I Used To Travel Around in a Van and Play Music

While Kelly was pregnant with Dylan it seemed the question people asked most was “Are you scared about becoming a parent?” I could always answer easily with a swift “Nope!” I’m  really proud that I’ve walked into fatherhood feeling so confident, but, that’s not to say I didn’t sit in deep thought many times over the pregnancy and wonder how having a baby would affect my music career, especially during such a huge transition. I spent ten years building something successful out of Five Times August and I could just as well keep going with it, but, my gut says it’s time to expand my talents and try new things under a rebranding. But man, to start from the ground up all over again, at THIS point in my life?? What kind of musician does that?? Especially during this economy! Well, apparently me, I do.

Over the years I’ve seen several friends gracefully bow out of their musical aspirations upon having a baby. I certainly don’t blame them, there’s a lot of pressure at that time to come back down to earth and get one of those “real” jobs. If it’s tough making it before the kid it certainly isn’t going to be any easier once they arrive. When we found out we were pregnant I didn’t even really have a new direction yet, just scattered songs in a bunch of styles, trying to find myself musically again. I was worried that this would be the culmination of ten years “doing the music thing” and those new songs I had would eventually just dissipate after losing myself in parenting. I began to have visions of myself at 40 walking in on my son’s first garage band telling stories of “You know guys, I used to travel around in a van and play music,” trying to sound cool and hip but ultimately getting sighs of embarrassment. “Daaaad… come oooon… get out of here!” I don’t want to be that guy, I can’t be that guy. Not to say my son won’t be embarrassed by me at some point in his life, that happens to even the best of parents. I would just rather embarrass my son with stories along the lines of “You know, when I won my first Grammy…”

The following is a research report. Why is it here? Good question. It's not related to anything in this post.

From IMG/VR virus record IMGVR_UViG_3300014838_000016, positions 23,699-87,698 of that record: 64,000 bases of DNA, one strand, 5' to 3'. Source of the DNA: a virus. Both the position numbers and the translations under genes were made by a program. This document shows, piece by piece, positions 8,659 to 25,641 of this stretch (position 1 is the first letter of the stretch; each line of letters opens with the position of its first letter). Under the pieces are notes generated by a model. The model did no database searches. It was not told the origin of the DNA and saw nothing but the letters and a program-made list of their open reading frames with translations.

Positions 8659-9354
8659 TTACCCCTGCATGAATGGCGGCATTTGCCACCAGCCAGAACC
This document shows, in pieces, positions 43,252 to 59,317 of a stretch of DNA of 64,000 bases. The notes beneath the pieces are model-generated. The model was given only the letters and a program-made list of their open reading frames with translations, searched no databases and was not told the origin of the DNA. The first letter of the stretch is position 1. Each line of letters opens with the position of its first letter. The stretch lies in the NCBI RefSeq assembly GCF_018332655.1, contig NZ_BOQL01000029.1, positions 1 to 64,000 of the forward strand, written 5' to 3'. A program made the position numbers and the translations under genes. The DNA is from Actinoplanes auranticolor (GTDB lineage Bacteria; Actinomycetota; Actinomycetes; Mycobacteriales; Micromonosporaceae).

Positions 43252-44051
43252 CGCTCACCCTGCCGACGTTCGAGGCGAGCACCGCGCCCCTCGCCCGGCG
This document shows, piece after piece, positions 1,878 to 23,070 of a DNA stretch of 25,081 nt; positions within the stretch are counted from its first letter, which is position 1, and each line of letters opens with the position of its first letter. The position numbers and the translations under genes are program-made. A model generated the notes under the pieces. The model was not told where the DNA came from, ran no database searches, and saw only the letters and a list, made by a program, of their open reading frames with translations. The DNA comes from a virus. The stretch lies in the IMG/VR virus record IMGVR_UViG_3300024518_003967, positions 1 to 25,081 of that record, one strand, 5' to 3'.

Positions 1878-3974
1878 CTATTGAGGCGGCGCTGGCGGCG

Yeah, maybe the Grammy thing is shooting high, but you have to think like that. That’s what makes us dreamers. Not only that,  you have to be confident that dreams can come true if you are seriously working at it. Whether you are an actor, singer, dancer, you almost have to have a certain amount of personal arrogance deep inside you to help push through it all. Do I think I could actually win a Grammy one day? Hell yes. Can I start an entire music career over and do it even better than I did the first time around while raising a new baby? I can and I will. I think that’s where fear subsided for me by the time Dylan arrived. I realized I am perfectly capable of living a dream, I’ve done it for ten years already and have been extremely fortunate to do it with my best friend and wife. We just get to bring the baby along for the ride now, that’s the only difference.

I think one of the major reasons I had any doubt to begin with was that I never felt like making music was my job until this very year. It dawned on me that one day people were going to be asking my child “What does your daddy do for living?” and he will inevitably answer in basic fashion “He sings and plays guitar.” It’s only taken me ten years to realize this is what I do. I’m sure the “job” title of it all has been masked by the fact that I love what I do. I also think most people do not acknowledge being a songwriter or musician as a real job. If you are a fledgling artist of any kind you’ve undoubtedly heard somebody along the way ask “Don’t you think it’s time for you to get a REAL job?” That sort of thing rubbed off on me for many years. I always felt like I was an aspiring amateur and never noticed the point of becoming professional. It didn’t matter what I had accomplished, it was all irrelevant. The mind game is that to the average person, if they don’t know who you are then you aren’t anybody to them, and when you are trying to be somebody, well, you feel like nobody.  It finally caught up to me that it didn’t matter who knew me or didn’t, I’m somehow doing it and that speaks for itself.